abandonclosediscoverdisruptionfacebookgoogle-plus instagram linkedinmap-markerphonepinterestsearchtwittervimeo-squareyoutube email

23 top tips for better employee engagement

What it takes to make your employees feel valued.

How do you energise your people, increase discretionary effort and maximise the resources dedicated to employee communications?

Our 23 top tips on better employee engagement provide a brief introduction to the key steps and thinking needed to set you up for success.

This article has been designed to help executives and managers in any discipline, take action to improve employee engagement within their organisation. Whether you are looking to improve communication channels, create the right environment to share information or simply setting the agenda for change, we’ll guide you on the path to improved engagement and achieving your organisation’s strategic objectives.

  • Do individuals and departments fully appreciate what value and services others bring within the organisation?
  • Can you do more with the same resource?

Create the environment and structure for disparate parts of your organisation to engage with each other, share knowledge and best practice.

  • 22 : One size does not fit all

    Identify what engagement drivers work and are appropriate for your organisation. There is no prescriptive list of do’s and donts, each organisation is unique and therefore you require a distinctive employee engagement approach and strategy.

  • 21 : Establish the value of employee engagement to your organisation

    Consider the impact employee engagement makes to your bottom line, human and financial resources. What is the positive impact engaged employees have on operational performance and profit? It is estimated that disengaged employees cost the UK economy £64bn through lost productivity, poor service delivery and reduced discretionary effort.

  • 20 : A desk is a dangerous place from which to view the world

    You will do your own and your organisation’s reputation the world of good by getting out into the business. Especially during tough, difficult times. By taking the pulse of your organisation in a direct and personal manner you enhance the connection between employer and employee as well as providing valuable insight into your own plans and agenda.

  • 19 : If you can’t measure it, don’t do it

    It’s a myth that engagement can be difficult to measure and quantify. The increased use of digital platforms to communicate enables far greater insight. Also look at your aligning internal and external activities. Why not link your employee engagement survey metrics to customer service results?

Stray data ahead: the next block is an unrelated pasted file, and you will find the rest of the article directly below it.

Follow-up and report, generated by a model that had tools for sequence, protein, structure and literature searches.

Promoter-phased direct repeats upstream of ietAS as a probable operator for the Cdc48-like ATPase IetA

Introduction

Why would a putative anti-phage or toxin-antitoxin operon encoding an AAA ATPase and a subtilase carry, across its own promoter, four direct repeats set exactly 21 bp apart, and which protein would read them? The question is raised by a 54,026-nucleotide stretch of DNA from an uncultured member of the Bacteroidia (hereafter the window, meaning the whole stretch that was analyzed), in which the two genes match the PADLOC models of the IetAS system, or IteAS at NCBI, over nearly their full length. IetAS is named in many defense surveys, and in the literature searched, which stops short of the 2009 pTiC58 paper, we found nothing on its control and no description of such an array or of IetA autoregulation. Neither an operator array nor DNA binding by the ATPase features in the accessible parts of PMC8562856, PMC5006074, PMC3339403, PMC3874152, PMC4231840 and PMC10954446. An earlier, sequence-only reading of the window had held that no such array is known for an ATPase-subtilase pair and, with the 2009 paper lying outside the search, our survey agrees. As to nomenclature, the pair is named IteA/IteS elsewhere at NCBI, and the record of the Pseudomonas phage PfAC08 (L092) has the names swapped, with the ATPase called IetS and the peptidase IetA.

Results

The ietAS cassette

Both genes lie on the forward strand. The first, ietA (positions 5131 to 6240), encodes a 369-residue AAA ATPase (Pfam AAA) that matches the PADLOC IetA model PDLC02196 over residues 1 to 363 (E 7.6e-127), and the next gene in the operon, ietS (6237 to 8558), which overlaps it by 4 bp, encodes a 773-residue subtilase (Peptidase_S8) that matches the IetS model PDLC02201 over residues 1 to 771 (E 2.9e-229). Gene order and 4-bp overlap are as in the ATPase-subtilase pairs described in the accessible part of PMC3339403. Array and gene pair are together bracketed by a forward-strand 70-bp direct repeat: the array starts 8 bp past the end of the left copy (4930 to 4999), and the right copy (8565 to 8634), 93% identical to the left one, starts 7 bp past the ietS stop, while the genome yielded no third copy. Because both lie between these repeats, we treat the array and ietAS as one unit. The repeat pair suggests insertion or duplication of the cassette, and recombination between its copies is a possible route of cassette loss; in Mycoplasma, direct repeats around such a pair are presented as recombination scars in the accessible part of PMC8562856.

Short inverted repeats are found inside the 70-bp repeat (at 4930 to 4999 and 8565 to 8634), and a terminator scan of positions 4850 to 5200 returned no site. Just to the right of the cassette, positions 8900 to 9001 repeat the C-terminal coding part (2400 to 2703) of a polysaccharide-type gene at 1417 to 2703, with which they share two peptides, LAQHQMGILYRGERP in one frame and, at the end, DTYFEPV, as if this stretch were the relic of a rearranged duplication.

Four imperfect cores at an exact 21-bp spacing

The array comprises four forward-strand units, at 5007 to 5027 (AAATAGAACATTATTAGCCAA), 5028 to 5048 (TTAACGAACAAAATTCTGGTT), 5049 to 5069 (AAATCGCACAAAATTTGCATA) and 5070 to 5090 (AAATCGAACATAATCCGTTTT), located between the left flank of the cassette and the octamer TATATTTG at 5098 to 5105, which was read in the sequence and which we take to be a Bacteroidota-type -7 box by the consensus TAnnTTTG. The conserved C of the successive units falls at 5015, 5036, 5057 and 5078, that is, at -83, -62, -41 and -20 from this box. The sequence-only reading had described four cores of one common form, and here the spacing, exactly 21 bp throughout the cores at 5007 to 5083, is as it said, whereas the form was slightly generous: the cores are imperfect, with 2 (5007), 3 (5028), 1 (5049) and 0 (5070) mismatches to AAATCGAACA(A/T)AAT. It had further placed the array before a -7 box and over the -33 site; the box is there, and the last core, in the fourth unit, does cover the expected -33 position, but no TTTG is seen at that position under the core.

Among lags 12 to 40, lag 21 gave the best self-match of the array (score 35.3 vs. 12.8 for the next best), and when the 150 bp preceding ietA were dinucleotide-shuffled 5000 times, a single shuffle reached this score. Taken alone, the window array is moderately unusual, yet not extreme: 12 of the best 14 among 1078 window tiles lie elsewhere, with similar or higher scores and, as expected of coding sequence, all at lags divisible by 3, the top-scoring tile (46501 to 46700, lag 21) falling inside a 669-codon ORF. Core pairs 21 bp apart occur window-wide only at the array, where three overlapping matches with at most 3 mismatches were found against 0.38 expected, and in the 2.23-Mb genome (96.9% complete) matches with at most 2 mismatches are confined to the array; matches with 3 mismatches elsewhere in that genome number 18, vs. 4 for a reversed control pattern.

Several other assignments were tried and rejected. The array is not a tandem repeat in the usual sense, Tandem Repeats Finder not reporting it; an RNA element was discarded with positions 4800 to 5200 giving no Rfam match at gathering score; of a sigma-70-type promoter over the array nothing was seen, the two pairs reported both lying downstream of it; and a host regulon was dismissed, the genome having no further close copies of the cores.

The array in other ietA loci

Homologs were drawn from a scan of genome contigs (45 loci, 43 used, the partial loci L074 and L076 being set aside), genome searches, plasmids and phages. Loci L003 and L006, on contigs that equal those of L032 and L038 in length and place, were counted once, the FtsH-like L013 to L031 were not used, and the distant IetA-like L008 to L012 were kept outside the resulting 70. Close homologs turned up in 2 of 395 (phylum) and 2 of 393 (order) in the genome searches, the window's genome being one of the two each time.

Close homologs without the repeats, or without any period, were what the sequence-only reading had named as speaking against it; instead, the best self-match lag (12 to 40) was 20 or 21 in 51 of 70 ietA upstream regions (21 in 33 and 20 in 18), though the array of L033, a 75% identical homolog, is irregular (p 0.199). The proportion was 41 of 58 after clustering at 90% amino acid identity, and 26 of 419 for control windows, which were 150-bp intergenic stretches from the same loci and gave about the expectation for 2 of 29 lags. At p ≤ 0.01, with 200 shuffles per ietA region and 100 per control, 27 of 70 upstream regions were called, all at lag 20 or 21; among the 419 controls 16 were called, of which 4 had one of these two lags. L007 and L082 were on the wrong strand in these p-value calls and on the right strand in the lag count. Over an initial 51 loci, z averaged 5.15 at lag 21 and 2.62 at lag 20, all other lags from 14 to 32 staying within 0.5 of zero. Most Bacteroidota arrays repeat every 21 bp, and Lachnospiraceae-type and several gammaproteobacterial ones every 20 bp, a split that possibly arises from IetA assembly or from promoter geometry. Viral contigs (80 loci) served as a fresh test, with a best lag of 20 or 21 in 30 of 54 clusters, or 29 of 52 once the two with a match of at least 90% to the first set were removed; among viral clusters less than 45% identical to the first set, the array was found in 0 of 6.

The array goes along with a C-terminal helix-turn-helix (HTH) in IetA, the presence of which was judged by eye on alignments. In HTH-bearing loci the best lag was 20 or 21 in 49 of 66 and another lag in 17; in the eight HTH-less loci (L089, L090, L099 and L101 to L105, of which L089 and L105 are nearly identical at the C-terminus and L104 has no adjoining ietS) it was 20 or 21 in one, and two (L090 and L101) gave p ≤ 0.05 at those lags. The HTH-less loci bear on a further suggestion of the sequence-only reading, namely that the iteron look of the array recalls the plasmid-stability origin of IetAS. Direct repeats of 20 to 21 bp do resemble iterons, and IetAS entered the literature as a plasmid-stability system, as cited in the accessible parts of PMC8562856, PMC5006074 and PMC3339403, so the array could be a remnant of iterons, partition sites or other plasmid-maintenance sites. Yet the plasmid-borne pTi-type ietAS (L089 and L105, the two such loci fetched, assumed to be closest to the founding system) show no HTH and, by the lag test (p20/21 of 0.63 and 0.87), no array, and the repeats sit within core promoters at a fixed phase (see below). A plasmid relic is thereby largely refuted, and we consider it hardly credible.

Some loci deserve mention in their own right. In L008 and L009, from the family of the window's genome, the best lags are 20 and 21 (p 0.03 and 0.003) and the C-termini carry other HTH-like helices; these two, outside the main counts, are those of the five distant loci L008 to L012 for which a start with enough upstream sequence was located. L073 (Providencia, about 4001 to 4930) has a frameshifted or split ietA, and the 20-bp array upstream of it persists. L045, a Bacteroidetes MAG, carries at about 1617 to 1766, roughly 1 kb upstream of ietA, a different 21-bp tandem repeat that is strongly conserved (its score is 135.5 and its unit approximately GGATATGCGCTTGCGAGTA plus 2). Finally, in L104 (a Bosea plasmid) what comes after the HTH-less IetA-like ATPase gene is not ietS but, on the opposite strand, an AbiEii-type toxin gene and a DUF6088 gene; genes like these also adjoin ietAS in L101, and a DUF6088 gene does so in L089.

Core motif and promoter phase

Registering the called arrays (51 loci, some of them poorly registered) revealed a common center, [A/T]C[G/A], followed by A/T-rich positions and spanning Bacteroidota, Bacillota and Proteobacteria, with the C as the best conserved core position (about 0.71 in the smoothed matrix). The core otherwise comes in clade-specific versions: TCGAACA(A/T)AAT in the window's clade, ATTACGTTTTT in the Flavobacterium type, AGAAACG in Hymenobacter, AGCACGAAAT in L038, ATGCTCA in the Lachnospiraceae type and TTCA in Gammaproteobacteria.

Do it often, do it clearly and do it consistently.

  • 18 : Do it often, do it clearly and do it consistently

    Whatever you do, whether it s a blog, a newsletter, or a weekly review follow these three golden rules. Who wants to see a news item on your intranet last updated dated six months ago?
    Establish who in your organisation is responsible for employee engagement.

  • 17 : Establish who in your organisation is responsible for employee engagement

    We’ll save you the trouble. The answer is everyone. Leaders should set the tone and direction. Internal and corporate communication teams will ensure the messaging is clear and consistent, the communication channels selected are appropriate. All employees should feel to some extent that they are part of, and contributors to, the engagement agenda in your organisation.

  • 16: What’s in your tool box?

    Do your employees and the people responsible for internal communications have the right material and infrastructure in place to communicate effectively, share knowledge, receive feedback? Contact us to find out how we helped clients to create the tools and framework for successful employee engagement, including BP and Logica.

  • 15: Don’t confuse happiness with engagement or engagement with effectiveness

    Happy employees are not always engaged. Engaged employees are not always productive. There can still be operational and managerial barriers to overcome which prevent your engaged employee becoming an effective one. Some employees may be transactionally engaged but not emotionally engaged. Ask for our advice on the questions you should be asking in your annual employee engagement survey.

  • 14 : Get the oxytocin flowing

    There is growing evidence to suggest that the hormone oxytocin is an important driver for employee engagement. The hormone gets released into our brains through a variety of stimuli, including whenever we feel a sense of bonding, engagement, trust and empathy. Fear on the other hand inhibits its release. Using social networks, whether for business or pleasure, causes a surge in oxytocin release. Perhaps your next business update should be on Yammer?